16 Feb

Successful businesses are flexible businesses

Many people can think ahead three, five or maybe even ten years, and talk about what they hope their life will look like at that point. Some will also have a specific business or personal long term goal. Even fewer though, will have a plan as to how they will achieve those goals.

Why does this occur? Why do people become less confident with their action plans? It is as if they have put all their eggs into one basket and then start praying that they don’t drop or lose the basket. Why do so many people follow this high-risk strategy?

The challenge lies in the action planning. There is never just one way of achieving something. People become set in their ways of how they can achieve their long term goals that they put on their blinkers, dig in their heels and convince themselves that the one plan they have come up with is the only way to achieve their end goal.

Picture yourself taking  a road trip to your favourite beach holiday home. On the way you encounter road works and unfortunately a detour. It will add 30 minutes  to your trip, but you will still get to the holiday house, just a bit later than expected.

This above example is the reality of the situation and what actually happens with goal setting and planning the way forward. The holiday home is your end goal and the road route is your plan. Sometimes there will be detours and roadblocks in the road, but there will always be an alternative route. You just have to be open to the idea of looking for alternatives and accepting that deviations do occur.

The slippery slope to becoming unsuccessful in achieving the end goal starts when people refuse to see alternatives. They get stuck at the road block and instead of following the detour route they wait, expecting the roadblock to magically disappear so they can continue on the set route.

By becoming so set in your ways and believing in only one route you can prevent yourself from ever achieving your goal. That’s why people often give up quickly. The first plan didn’t work, so they convince themselves that they have failed and the long term goal goes back to being a beautiful dream of something they would like to have, but deep down feel they will never achieve.

Reviewing different plans or routes  is not a sign of failure, it is a sign of being comfortable with change and being open to alternative thinking. Those are the traits of successful people. Its not just about the plan.

Need professional coaching assistance? Contact Nicole nicole@tikumu.co.nz

04 Nov

3 Coaching myths, busted!

Over the years I have heard some rather interesting interpretations of what some people think coaching is and who would require the services of a coach.

My favourite one is, “You only need a coach if you are an under-performer”. This kind of statement does give coaching a bit of a bad reputation and probably prevents a lot of people from seeking out a coach, when they actually really need one, as they don’t want to be labelled as an under-performer. Coaching is not for the “underperforming”, “lazy” “unproductive” team members. It is for anyone who believes that they need to move forward in their work or personal lives. People who want to change the status quo, but just need some assistance. If they happen to be under-performers then so be it. The most important character trait about the person seeking coaching is not about how productive or unproductive they are, but that they want to change, be coached and will voluntarily hold themselves accountable throughout the coaching engagement.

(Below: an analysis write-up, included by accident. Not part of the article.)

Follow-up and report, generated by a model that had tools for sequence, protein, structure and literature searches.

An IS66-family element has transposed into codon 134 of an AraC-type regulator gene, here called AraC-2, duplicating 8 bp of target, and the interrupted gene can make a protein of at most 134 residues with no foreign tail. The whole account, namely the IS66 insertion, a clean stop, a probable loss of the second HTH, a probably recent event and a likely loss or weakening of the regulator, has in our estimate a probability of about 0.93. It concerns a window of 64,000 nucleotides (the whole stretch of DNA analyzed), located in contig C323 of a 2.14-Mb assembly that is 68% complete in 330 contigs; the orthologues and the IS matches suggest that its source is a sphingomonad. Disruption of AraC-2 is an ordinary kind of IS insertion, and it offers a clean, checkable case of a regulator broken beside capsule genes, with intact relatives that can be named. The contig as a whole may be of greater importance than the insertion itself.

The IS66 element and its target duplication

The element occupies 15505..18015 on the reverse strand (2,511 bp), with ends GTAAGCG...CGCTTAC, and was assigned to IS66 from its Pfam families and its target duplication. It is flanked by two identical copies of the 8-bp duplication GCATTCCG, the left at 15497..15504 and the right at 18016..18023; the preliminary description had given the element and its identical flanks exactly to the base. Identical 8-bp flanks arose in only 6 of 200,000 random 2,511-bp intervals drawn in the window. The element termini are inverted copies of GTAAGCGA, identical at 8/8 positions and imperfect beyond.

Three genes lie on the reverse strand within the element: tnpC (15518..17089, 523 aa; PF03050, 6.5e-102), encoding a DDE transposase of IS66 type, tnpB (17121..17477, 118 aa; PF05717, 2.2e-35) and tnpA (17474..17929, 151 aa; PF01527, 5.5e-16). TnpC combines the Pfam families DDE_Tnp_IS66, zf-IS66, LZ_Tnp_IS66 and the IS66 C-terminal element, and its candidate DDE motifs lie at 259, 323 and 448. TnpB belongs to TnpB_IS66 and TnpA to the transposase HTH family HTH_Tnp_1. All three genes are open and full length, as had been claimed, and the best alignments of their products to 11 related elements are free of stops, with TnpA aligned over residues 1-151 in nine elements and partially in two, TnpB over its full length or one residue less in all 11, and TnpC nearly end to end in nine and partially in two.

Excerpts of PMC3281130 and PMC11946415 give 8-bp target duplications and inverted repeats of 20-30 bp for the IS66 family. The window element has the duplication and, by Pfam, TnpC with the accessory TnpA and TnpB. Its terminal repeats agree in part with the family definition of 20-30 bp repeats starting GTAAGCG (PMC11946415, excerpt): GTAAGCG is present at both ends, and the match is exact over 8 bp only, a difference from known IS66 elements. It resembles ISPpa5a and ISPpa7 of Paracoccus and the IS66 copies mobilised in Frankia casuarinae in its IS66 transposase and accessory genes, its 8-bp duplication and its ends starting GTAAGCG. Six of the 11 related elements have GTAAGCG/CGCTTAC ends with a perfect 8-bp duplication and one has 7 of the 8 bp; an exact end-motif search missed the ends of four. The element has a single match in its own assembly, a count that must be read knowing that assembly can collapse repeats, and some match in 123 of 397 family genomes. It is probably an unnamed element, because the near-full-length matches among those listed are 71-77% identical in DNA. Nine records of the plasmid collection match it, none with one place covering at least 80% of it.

On the flip side the second myth I often hear is this, “If you are performing well, you don’t need a coach” 

Here’s some food for thought. If high performers don’t need coaches, then why do people such as Sir Richard Branson, the late Steve Jobs and Oprah Winfrey have coaches?

These  high performing individuals are the smart ones. They know that you are never always running on optimal speed. That there is always room for improvement. They harness the power of coaching to catapult themselves forward in order to achieve their goals.

The third coaching myth is as follows. “If you are trained as a coach, or have acquired coaching skills  you cannot  take disciplinary action against your employees?”

Many people, especially business owners believe that if you start coaching your employees that you somehow lose the ability or right to take disciplinary action against your employees if it is required. That somehow if you did take disciplinary action you would fail as a manager. Well, I can assure you that that is definitely incorrect. As a manager or business owner you may take a different approach to your employees, due to your new coaching skills, however you are still their manager and it would be to your business detriment if you didn’t take corrective action if and when required.

Remember as a business owner you wear different hats. Some days you are a mentor or a coach, a cheerleader, a negotiator or even a consoler. Just because you up-skill yourself with certain coaching competencies it doesn’t mean you have lost the ability to take on other essential roles within your business.

If you are finding that there is a conflict of interest when coaching your own employees, perhaps think about bringing in an external coach.

Probably the best investment you could make in your team members is to offer them the services of a coach. Allow them to:

  • Create focused goals and action plans
  • Build confidence in themselves
  • Work through their own personal goals
  • Develop and grow within their position.